prep - podictionary 880

Oct 20th, 2008 | podcasts
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John Richardson asked me to do the word prep.

My immediate thought was that this was just an abbreviation of prepare.

And of course it is.

But lots of words are abbreviations of other words or strings of words that, since the abbreviation has become an accepted word, the older parent has been forgotten.

The example I like to give is goodbye.  No one thinks of goodbye as an abbreviation—though it is—and no one remembers that it used to be God be with you.

And it turns out that the word prep has been around a little longer than I’d have first expected.

The first citation for prep as an abbreviation of prepare was over 100 years ago and originally meant to train a horse.

So that’s long enough that it’s made its way into dictionaries and since lots of people use it it’s become a legitimate word in its own right.

That’s prep the verb but prep the noun, meaning a person who’s gone to prep school, is even older.

Prep as in prep school is first cited back in 1839.  Urbandictionary attests to the ongoing popularity of the word applied as some sort of insult to people whose parents paid for a private education.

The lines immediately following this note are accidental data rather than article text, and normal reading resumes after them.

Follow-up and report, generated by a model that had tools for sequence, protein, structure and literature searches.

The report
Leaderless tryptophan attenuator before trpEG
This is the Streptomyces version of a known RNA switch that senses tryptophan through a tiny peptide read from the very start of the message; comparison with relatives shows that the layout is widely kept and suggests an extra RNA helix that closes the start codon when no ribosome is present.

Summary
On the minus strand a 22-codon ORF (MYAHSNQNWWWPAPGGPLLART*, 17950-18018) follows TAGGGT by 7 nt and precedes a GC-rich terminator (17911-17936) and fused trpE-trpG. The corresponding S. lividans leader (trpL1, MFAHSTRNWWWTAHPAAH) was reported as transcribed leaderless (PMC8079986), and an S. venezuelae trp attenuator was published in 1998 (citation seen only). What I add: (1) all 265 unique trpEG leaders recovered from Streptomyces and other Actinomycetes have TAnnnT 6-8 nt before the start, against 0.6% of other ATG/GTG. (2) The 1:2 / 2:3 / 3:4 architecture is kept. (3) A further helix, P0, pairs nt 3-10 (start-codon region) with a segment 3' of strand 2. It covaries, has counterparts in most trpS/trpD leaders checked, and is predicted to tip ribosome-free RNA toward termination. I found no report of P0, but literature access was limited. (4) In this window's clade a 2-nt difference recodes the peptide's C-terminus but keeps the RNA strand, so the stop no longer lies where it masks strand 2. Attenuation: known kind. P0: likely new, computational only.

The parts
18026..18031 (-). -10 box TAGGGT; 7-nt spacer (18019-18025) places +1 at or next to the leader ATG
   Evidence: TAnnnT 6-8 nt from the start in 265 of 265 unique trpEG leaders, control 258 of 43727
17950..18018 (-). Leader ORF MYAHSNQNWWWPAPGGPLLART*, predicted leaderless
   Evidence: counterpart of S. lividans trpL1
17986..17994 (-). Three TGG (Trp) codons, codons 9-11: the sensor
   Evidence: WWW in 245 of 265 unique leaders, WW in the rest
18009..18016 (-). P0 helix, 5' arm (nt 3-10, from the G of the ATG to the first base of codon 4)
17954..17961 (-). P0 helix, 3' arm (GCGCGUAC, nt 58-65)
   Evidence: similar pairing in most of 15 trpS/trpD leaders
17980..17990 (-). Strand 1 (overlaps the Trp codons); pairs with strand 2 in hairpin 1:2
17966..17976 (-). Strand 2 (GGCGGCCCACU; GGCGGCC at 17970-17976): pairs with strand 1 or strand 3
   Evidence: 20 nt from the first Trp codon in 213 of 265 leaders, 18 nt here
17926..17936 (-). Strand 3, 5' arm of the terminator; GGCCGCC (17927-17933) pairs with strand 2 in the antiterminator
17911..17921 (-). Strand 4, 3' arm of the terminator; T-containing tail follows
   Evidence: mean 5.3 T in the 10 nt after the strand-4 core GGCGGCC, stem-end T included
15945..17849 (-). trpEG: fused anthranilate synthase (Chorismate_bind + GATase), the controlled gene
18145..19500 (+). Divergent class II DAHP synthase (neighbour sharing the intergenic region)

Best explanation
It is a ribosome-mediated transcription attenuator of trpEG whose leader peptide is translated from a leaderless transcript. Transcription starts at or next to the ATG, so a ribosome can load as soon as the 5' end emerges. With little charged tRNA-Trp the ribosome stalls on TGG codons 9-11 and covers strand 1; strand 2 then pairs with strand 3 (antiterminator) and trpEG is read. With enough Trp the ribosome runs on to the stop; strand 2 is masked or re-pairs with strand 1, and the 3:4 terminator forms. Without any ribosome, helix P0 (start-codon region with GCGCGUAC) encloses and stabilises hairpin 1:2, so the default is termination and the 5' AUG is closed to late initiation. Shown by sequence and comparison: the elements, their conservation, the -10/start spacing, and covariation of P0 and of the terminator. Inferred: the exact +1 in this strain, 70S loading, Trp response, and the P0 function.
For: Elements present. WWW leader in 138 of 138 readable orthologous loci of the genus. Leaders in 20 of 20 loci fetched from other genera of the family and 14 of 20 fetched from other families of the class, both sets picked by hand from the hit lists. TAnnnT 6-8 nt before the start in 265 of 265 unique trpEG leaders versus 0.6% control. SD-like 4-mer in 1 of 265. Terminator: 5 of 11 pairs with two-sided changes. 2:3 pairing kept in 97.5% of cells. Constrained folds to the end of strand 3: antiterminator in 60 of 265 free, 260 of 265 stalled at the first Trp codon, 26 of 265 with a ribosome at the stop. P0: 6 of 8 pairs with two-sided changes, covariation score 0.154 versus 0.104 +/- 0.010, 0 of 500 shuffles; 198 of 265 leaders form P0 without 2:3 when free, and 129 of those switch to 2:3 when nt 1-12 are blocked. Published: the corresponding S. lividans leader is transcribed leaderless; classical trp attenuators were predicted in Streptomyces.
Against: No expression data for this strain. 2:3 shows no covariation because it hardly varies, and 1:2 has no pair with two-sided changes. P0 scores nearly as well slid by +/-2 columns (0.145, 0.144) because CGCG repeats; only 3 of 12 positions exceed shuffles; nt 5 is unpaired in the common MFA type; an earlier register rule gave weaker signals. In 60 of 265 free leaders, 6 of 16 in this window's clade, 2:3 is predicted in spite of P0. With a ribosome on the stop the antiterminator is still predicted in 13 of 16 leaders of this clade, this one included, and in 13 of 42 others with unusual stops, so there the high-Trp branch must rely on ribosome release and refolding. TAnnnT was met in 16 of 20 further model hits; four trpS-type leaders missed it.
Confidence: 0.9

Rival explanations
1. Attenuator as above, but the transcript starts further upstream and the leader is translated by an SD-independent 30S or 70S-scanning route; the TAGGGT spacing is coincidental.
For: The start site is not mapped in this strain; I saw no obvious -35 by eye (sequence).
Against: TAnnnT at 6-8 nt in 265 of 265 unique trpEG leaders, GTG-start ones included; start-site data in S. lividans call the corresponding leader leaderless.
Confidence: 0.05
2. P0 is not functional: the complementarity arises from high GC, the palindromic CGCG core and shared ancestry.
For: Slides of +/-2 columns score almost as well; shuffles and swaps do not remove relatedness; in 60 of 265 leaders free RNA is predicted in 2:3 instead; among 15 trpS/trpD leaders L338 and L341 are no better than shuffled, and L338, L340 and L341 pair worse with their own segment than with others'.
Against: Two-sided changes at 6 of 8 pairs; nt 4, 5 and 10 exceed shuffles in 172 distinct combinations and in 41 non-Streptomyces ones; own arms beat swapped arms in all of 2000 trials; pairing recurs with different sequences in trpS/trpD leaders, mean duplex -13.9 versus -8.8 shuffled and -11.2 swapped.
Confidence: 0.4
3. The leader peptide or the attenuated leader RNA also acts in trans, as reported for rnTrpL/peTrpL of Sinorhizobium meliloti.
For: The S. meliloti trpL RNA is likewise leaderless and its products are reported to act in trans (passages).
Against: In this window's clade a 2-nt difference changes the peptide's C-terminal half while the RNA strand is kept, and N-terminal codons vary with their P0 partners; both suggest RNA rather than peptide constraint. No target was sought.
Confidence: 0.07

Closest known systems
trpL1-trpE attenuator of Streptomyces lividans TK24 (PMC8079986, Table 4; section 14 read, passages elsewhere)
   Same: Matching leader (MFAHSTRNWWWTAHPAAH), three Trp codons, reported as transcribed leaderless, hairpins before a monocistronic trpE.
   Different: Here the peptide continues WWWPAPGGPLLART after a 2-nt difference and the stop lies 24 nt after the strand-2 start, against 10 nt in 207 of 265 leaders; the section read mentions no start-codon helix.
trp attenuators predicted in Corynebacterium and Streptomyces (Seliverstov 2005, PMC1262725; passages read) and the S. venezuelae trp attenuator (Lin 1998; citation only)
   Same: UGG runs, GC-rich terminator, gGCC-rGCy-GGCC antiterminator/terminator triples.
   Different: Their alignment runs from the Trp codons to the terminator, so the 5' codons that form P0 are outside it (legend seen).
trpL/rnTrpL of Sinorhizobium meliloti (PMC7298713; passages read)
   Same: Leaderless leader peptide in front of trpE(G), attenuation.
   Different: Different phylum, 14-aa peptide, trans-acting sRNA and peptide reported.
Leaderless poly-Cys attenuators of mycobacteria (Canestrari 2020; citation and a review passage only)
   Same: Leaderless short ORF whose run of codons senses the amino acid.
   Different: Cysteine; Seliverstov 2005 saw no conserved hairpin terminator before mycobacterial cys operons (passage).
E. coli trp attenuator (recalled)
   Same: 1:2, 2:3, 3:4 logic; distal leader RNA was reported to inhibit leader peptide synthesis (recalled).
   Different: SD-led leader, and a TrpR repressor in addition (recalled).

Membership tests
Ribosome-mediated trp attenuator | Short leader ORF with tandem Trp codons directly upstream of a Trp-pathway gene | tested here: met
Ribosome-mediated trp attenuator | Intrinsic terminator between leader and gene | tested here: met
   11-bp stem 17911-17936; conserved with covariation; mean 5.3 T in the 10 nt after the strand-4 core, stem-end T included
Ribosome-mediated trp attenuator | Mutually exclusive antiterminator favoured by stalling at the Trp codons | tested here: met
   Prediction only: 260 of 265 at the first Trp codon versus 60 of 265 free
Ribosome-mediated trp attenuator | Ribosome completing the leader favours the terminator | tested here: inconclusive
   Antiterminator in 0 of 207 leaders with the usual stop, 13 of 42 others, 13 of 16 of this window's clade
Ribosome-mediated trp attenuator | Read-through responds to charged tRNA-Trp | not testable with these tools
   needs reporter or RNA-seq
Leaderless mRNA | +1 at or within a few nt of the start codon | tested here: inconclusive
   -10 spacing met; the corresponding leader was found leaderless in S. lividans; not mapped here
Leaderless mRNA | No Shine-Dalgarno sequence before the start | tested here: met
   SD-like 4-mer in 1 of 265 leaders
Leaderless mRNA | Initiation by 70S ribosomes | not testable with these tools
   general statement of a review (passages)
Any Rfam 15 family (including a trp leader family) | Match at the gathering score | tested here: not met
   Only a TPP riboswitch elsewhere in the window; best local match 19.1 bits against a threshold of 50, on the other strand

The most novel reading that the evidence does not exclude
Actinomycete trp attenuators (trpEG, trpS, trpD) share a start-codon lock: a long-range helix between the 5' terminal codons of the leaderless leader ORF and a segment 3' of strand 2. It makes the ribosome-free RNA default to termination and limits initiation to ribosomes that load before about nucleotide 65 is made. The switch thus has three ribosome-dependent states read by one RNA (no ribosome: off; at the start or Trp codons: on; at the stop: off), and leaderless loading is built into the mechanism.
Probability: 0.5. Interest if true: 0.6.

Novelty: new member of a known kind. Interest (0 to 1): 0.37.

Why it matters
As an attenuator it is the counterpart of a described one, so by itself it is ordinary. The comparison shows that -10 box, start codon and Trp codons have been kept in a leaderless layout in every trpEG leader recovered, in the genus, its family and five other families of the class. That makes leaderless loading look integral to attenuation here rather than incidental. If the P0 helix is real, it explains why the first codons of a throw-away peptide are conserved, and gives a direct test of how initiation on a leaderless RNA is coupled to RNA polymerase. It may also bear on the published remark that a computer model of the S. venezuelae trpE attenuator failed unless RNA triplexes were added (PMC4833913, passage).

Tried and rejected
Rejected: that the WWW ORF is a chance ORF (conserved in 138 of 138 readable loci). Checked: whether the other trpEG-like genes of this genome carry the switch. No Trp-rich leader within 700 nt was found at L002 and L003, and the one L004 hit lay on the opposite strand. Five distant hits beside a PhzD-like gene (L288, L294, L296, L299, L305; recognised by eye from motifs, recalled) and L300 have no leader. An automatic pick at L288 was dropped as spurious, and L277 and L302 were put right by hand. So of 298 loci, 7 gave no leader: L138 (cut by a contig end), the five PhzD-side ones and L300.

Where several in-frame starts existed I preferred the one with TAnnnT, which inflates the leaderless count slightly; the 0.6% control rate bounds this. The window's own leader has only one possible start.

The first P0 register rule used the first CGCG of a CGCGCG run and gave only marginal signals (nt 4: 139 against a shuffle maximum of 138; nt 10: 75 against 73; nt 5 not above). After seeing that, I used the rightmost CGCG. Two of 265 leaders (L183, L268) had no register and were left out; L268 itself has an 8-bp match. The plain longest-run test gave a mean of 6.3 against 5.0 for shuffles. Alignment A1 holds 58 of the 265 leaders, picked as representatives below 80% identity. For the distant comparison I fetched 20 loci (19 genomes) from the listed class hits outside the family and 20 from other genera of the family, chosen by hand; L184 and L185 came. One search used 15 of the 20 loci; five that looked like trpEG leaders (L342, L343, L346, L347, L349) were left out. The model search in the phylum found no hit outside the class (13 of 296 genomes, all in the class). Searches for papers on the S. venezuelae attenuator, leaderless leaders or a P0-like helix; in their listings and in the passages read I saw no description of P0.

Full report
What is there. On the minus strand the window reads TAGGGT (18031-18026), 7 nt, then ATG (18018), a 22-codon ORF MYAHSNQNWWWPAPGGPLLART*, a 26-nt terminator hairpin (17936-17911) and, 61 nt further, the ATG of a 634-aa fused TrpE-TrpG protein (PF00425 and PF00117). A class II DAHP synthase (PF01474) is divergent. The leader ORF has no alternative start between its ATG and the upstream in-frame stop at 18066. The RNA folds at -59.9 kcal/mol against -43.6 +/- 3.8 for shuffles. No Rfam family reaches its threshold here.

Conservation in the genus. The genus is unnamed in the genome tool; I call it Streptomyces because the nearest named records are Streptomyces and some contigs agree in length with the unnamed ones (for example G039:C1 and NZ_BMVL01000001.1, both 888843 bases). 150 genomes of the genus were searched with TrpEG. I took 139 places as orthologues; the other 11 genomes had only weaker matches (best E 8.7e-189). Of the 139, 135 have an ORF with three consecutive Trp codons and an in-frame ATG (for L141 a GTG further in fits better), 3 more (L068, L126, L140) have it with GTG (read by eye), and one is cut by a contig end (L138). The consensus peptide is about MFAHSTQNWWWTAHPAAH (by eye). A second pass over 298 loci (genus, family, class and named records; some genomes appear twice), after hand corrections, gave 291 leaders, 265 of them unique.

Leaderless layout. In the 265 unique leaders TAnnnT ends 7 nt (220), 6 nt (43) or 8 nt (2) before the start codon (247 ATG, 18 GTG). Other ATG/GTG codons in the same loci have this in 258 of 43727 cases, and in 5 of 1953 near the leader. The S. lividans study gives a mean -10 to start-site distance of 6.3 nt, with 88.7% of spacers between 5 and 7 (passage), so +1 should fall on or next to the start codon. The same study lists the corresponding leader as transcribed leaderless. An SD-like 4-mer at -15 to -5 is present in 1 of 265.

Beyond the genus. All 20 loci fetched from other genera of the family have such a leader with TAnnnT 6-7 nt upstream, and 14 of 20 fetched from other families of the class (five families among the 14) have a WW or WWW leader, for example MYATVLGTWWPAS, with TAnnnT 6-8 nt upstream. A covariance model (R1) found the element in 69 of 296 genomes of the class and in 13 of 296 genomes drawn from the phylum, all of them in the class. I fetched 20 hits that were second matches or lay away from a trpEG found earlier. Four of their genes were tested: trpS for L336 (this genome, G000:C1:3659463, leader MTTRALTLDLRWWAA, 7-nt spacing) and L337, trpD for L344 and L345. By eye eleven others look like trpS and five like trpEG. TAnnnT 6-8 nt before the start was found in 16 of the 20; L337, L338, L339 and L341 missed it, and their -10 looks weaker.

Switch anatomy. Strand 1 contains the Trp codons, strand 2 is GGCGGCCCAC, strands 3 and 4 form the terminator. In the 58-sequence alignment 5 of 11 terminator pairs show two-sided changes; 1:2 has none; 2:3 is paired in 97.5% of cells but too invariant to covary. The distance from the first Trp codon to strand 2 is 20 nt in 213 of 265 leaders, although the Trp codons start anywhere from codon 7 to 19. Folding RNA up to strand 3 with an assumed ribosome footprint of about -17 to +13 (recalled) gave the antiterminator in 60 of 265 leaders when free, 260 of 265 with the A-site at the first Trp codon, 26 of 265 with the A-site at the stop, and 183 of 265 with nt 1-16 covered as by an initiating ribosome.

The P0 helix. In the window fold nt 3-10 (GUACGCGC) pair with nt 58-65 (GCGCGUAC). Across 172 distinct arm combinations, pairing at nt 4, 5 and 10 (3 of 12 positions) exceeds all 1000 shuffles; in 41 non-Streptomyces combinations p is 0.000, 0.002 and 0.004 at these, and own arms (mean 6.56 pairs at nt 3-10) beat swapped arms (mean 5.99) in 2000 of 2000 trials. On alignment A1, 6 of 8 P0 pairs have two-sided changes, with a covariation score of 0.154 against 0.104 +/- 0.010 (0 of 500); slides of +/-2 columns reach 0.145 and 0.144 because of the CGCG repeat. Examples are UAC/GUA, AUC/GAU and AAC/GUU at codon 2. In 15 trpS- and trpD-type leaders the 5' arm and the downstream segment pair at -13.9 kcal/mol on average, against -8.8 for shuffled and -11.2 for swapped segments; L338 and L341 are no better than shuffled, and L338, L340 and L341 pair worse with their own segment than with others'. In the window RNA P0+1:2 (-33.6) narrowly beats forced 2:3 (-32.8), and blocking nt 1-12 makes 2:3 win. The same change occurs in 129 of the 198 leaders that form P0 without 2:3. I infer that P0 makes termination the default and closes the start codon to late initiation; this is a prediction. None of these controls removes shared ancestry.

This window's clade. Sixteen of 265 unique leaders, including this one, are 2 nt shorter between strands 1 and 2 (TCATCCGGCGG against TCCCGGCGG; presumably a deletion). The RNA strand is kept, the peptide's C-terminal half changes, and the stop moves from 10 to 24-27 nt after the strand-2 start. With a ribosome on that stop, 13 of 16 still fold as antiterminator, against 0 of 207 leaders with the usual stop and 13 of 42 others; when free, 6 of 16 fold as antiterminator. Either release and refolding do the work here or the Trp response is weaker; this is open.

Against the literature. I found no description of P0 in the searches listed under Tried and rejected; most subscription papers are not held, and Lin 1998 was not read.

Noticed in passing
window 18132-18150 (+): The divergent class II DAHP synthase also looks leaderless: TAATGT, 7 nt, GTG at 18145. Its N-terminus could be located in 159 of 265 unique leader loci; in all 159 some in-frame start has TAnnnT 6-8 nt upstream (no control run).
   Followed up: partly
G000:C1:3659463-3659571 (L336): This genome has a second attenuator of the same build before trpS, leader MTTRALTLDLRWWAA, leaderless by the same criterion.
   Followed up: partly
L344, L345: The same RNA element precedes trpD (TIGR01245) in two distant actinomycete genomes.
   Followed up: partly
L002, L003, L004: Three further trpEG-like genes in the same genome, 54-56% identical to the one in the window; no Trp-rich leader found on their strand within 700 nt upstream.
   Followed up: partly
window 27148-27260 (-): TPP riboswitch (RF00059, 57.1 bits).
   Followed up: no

Like many words that have become derogatory prep started out as a good thing. One early citation was from a parent of a prep boy who made good.

I’ll talk about him in a moment, but first I’ll tell you about the parent of prep since it has a lineage longer than 200 years.

As an English word prepare is about 500 or 600 years old but came via French from Latin so praeparare is a few thousand years old.

Back then it meant “to make ready beforehand” which is pretty much what prepare means today.  But since the pre prefix usually means “before” doesn’t that imply parare meant “to make ready”?

Indeed it does and that’s why the little knife in the knife block in the kitchen is called a paring knife; it’s used to make the food ready.

Back to that preppy boy of 150 years ago.

His name was Sidney Lanier and when he’d just turned 21, his dad still felt he could give him some advice on writing.

“A prep must mind his P’s and Q’s,” he said.

I guess Sidney did, since he grew up to be one of America’s respected men of letters teaching courses about Chaucer and Shakespeare at Johns Hopkins University.  He wrote poetry and the US Postal Service issued a stamp with his face on it.

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October 24, 2008 @ 1:04 am

[...] podictionary word was prep Tuesday’s word history was for P’s and Q’s Wednesday’s word origin was for [...]

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